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What causes desktop login and boot times to spiral out of control?

If it takes a long time for users to login and boot their desktops they won't be happy and they will let IT know about it. Find out what enterprise tools slow down desktop logins the most.

BOSTON -- Essential enterprise resources such as Group Policy settings, user environment management and monitoring tools can really make desktops crawl and end-user experience suffer.

When a desktop opens an application in 0.1 seconds, users believe the system works instantaneously, according to research from the Nielsen Norman Group cited in a BriForum session. Up the number to just one second, and the users notice a delay but do not lose their attention. If it takes 10 or more seconds, users move on to other tasks. Clearly, speed is crucial when it comes to user productivity and satisfaction.

Session speakers Helge Klein, the founder of systems monitoring vendor vast limits, and Aaron Parker, a solutions architect at IT services provider Insentra, detailed the effects of "enterprise-ifying" a desktop on login and boot times. The pair started with a clean Windows 10 install, which booted in 3.7 seconds.

Little to no effect on desktop login and boot times

When you add a new desktop to your domain, create a domain user account and local profile, login times increase by less than a second, Parker said. Likewise, security products, such as Norton Security Deluxe or Endpoint Protector Basic, don't affect login times much at all. These tools can slow down other functions, however. Line of business apps, such as Adobe Reader and Microsoft Office 2016, also caused almost no delays.

On the fence

If a desktop's Input/Output Operations Per Second drop below 2,000 or lower, the boot time can grow by a factor of 10.

Things start to get a little more complicated when you enable Group Policy settings, which wait for the network at startup to make sure all the policies are applied correctly. Group Policy settings increase the startup time by more than three seconds, Klein and Parker said. And the more extensive the settings are, the longer the delays. For every client-side extension Group Policy Preference you add, desktop boot time increases by five to 10 seconds, the speakers estimated.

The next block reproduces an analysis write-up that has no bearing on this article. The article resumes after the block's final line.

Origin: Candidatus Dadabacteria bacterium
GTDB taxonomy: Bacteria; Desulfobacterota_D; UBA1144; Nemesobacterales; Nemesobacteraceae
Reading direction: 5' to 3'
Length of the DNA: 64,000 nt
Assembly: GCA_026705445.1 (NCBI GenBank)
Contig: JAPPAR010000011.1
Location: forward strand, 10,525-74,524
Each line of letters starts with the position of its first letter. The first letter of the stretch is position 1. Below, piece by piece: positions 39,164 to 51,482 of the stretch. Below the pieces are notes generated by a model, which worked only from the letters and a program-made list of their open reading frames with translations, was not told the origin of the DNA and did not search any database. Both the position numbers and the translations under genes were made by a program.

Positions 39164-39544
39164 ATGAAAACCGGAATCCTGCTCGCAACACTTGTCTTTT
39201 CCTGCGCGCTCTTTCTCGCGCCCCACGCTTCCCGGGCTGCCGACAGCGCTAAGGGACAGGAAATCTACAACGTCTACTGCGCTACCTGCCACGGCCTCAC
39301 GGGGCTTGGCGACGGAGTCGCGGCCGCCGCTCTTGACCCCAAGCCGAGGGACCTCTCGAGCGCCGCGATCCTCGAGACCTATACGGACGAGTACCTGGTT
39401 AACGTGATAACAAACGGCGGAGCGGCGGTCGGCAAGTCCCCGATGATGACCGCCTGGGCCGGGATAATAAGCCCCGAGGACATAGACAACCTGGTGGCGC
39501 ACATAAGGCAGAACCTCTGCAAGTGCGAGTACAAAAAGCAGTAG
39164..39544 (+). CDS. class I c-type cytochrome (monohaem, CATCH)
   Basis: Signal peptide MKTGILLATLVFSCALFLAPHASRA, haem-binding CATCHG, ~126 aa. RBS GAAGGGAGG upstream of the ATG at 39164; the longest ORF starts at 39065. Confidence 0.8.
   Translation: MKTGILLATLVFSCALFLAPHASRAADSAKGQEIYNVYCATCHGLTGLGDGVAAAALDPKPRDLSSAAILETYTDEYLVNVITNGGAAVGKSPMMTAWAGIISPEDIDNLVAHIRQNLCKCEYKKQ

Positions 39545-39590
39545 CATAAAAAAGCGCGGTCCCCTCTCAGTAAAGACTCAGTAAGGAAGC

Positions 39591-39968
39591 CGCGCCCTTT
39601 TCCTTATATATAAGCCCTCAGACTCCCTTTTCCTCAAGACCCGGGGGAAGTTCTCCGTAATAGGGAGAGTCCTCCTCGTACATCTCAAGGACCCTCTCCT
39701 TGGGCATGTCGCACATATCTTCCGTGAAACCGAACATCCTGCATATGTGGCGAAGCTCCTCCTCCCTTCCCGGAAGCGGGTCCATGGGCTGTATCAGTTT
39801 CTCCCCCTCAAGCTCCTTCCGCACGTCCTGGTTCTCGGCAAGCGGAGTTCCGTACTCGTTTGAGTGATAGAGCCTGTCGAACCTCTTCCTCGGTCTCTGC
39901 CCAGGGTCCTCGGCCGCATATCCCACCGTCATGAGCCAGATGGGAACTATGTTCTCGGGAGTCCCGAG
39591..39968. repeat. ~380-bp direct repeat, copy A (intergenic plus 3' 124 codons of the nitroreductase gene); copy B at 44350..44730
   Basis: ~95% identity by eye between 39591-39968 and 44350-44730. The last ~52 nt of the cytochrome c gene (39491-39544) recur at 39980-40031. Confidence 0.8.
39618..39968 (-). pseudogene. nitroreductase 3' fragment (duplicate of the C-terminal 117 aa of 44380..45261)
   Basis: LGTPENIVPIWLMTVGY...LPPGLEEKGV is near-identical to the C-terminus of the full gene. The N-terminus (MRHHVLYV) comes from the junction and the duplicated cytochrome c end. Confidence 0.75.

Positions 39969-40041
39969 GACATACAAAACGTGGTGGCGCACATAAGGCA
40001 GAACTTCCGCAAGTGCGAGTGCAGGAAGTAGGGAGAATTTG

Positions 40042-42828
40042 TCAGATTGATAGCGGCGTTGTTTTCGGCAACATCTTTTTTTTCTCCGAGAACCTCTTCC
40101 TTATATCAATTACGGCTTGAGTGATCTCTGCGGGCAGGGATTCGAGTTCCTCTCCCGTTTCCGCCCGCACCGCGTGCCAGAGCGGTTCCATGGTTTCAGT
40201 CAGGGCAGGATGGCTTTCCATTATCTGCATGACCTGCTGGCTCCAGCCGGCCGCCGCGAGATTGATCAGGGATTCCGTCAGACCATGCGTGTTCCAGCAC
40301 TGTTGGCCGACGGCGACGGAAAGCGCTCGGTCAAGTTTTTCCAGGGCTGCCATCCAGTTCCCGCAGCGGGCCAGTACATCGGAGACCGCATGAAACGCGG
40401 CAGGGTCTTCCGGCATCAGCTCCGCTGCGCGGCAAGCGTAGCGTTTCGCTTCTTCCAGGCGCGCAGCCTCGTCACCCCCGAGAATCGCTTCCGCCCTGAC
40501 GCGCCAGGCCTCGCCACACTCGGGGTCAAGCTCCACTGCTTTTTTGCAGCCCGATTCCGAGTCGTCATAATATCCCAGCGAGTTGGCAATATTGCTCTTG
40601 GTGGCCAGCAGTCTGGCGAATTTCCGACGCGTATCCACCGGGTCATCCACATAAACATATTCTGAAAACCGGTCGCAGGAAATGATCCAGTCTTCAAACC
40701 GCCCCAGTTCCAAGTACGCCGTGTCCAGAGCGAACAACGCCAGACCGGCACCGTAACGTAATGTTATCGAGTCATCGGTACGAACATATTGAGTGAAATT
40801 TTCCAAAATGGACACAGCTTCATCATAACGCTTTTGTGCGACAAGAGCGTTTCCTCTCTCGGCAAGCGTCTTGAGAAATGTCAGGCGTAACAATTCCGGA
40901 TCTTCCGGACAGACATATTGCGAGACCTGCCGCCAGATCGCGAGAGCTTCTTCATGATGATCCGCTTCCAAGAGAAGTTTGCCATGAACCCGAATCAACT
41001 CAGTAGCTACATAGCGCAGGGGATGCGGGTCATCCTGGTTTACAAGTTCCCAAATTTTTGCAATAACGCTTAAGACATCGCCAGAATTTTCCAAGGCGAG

Roaming profiles can go both ways. A roaming profile that the operating system does not delete at logoff shouldn't have an effect on boot times, but if the profile is deleted at logoff, delays can arise. And if the roaming profile's target file server is unavailable, the desktop login time can increase to more than two minutes.

Heavy desktop login and boot delays

If a desktop's Input/Output Operations Per Second drop below 2,000 or lower, the boot time can grow by a factor of 10. Client applications and runtimes, such as Adobe Flash Player, Citrix Receiver or Java, all increase the IO count, which makes the desktop boot process take longer as well. And when a company throws a desktop virtualization suite, such as Citrix XenDesktop, into the mix, the disk IO goes up even more -- as do the boot and login times.

How to minimize desktop login delays

To combat slow login times, size your network for peaks rather than averages, Parker said. This approach prepares the network for any sudden explosions in resource usage and ensures strong performance during periods of average usage.

Parker also suggested using flash for virtual desktop infrastructure, session border controllers and physical desktops to minimize desktop login times. Never overcommit a CPU to any specific area of the desktop and use monitoring tools to track login times.

Next Steps

The role of IOPS in virtual desktop performance

Prevent VDI boot storms from hurting desktop performance

Explore tools for monitoring end-user app experience

This was last published in August 2016

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